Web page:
In years past, our captain “doubled down”, hoping for another positive year. Risk was not reduced in the portfolio.  Sails were kept full and the drift anchor kept short.  Unfortunately, the winds of equity markets and tides of dropping interest rates quickly reversed the progress that was made.  (One needs look no further back than 2013 and 2014 for an example of this.)

This time however, “a sadder and wiser man” chooses to calibrate the risk of the portfolio with the need to take it. With the funding ratio closer to full, the need to maintain such a high exposure to equities is diminished.  With interest rates higher, the duration of fixed income holdings is extended to match the behavior of liabilities better (a “liability driven investment” or “LDI” strategy), so a subsequent reversal of rates (or tides) doesn’t drag the ship back out to sea.

Our captain cuts sails and lets out the drift anchor further. Volatility risk to the funding ratio is decreased significantly, while still maintaining some upside potential.  (He gives the order to the crew to cut equity exposure to 30 percent and extend the duration of fixed income closer to that of plan liabilities.)

Exhibit 2

Adjusting to Wind, Tides and Distance

As the winds of equity markets and the tides of interest rates push our ship, and the crew continues its annual funding/rowing, the captain will continue to trim sales and set the drift anchor length according to the funding ratio of the plan. (Of course, he will rely on his actuarial mate to provide regular readings to help him make informed decisions.)

The closer the plan gets to full funding, the more a duration matched bond strategy under LDI makes sense. Ultimately, when the ship reaches its goal, the captain may set the allocation to 100 percent fixed income with duration matching that of the liabilities.  Sails are furled and the anchor finally allowed to touch bottom.  Back in port, the captain is now indifferent to fickle equity markets and corporate bond rates.  And the weary crew can finally stop rowing.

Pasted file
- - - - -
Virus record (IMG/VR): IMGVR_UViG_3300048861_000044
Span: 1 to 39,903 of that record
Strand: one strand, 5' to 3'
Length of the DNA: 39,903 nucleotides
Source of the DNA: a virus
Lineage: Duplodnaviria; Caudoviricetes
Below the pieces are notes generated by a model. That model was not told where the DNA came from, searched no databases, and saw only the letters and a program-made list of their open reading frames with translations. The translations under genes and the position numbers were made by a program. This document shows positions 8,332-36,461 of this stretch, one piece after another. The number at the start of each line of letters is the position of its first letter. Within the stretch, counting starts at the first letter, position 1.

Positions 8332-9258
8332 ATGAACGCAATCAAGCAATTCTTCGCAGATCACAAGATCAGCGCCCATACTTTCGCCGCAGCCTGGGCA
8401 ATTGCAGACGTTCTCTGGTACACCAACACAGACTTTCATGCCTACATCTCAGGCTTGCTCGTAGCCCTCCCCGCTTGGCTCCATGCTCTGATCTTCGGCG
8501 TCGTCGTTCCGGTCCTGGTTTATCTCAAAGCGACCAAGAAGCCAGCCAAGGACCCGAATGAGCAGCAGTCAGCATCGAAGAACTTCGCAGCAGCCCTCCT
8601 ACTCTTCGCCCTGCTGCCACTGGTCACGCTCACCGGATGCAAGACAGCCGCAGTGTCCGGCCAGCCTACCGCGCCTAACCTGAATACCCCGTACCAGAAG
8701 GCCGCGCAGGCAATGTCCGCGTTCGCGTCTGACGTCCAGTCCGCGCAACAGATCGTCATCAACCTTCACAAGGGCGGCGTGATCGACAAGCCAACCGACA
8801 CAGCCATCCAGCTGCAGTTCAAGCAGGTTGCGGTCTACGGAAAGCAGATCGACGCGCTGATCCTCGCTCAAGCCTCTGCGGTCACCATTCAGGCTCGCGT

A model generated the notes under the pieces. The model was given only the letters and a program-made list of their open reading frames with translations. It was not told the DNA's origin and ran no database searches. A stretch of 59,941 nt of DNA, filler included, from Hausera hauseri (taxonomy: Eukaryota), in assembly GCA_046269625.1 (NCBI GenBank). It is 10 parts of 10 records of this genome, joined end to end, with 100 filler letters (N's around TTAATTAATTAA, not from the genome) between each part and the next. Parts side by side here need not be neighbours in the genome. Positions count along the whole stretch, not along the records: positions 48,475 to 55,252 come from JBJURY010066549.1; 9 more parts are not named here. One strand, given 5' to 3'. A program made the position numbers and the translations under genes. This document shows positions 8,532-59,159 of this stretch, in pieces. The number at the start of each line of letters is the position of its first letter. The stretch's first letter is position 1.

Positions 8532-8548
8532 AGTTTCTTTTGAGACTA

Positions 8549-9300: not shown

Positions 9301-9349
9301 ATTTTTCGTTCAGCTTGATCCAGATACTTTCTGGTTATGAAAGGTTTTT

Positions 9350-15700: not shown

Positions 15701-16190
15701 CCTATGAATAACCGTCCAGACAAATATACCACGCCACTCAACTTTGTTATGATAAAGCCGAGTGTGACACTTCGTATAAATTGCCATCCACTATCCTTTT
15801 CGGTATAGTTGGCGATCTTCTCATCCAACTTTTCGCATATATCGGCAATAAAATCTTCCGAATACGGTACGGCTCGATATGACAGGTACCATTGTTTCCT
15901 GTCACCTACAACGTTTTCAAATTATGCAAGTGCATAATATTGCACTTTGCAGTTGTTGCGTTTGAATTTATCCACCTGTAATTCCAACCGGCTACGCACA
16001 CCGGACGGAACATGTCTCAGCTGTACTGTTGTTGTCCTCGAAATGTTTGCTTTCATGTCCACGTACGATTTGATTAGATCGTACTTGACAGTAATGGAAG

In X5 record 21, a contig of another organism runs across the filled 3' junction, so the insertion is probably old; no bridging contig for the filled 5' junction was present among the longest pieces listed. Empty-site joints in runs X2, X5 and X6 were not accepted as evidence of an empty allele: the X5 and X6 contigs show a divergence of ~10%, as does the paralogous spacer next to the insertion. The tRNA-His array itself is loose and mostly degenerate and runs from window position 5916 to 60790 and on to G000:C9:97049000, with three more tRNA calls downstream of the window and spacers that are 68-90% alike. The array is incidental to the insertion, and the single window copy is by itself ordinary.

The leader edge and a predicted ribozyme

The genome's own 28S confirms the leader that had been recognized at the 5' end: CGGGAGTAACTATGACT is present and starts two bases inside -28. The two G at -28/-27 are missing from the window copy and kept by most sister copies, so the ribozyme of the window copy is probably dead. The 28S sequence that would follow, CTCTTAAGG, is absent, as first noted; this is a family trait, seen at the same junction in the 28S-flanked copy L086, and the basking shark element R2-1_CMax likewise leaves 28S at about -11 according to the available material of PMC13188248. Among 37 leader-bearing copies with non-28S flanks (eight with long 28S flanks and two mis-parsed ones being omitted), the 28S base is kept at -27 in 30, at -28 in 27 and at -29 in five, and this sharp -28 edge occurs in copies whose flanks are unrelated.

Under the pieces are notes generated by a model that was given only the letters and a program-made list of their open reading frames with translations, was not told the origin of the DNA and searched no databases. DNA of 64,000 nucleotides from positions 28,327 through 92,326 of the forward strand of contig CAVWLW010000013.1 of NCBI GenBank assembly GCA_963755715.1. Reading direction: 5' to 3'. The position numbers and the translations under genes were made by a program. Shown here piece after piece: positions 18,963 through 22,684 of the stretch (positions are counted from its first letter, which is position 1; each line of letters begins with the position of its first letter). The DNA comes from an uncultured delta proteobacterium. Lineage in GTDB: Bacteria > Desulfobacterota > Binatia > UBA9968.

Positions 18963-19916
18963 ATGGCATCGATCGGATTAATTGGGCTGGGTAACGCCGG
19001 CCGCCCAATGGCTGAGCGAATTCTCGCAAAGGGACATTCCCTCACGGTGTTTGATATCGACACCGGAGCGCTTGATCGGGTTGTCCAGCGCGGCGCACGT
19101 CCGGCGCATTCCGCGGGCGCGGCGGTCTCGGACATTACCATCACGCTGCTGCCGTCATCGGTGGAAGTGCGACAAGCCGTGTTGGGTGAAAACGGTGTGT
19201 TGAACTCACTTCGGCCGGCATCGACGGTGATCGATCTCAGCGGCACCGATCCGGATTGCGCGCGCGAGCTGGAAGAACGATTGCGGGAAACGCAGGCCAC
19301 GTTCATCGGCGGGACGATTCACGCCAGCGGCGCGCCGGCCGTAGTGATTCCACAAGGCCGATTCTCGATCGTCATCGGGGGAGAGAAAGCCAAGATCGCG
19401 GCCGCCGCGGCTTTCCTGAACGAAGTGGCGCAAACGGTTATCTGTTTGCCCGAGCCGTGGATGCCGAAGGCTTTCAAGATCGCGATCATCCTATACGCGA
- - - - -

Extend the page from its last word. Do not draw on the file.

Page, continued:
Dynamic Asset Allocation

Home finally, the captain reviews the charts. Not too long ago, his ship was adrift in unfunded liabilities everywhere (“nor any drop to drink”).  But through his disciplined, logical reallocations — reducing equity risk and extending fixed income duration as his funding ratio improved — he has reached his long sought objective.

Unbeknownst to him, he accomplished this by using a process known as “2-Dimensional Dynamic Asset Allocation”– the two dimensions being fixed income weighting and duration.

Exhibit 3

Argh! Compliance note:  Of course, many other captains in many other ships may take slightly different routes based on guidance of their financial advisor and funding ratio reporting from their actuary!  Blogs are not financial advice!

As he reflects on the long journey, the captain suddenly realizes that the ship will need to be rechristened under a new name. “S.S. Underfunded” no longer seems appropriate.

Mike Clark is a fellow of the Society of Actuaries (SOA) a member of the American Academy of Actuaries (AAA) and a card-carrying land lubber who begs the forgiveness of any real sailors (or English teachers) offended by any errors or oversimplifications in his metaphor.

Affiliation Disclosure

Examples are for illustrative purposes only.

The subject matter in this communication is educational only and provided with the understanding that Principal® is not rendering legal, accounting, or tax advice. You should consult with appropriate counsel or other advisors on all matters pertaining to legal, tax, or accounting obligations and requirements.

No investment strategy, such as diversification or asset allocation, can guarantee a profit or protect against loss in periods of declining value. Use of Dynamic Asset Allocation does not guarantee improvement in plan funding status nor the timing of any improvement.

Equity investment options involve greater risk, including heightened volatility, than fixed-income investment options. Fixed-income investment options are subject to interest rate risk, and their value will decline as interest rates rise.

Insurance products and plan administrative services are provided by Principal Life Insurance Company, a member of the Principal Financial Group® (Principal®), Des Moines, IA 50392.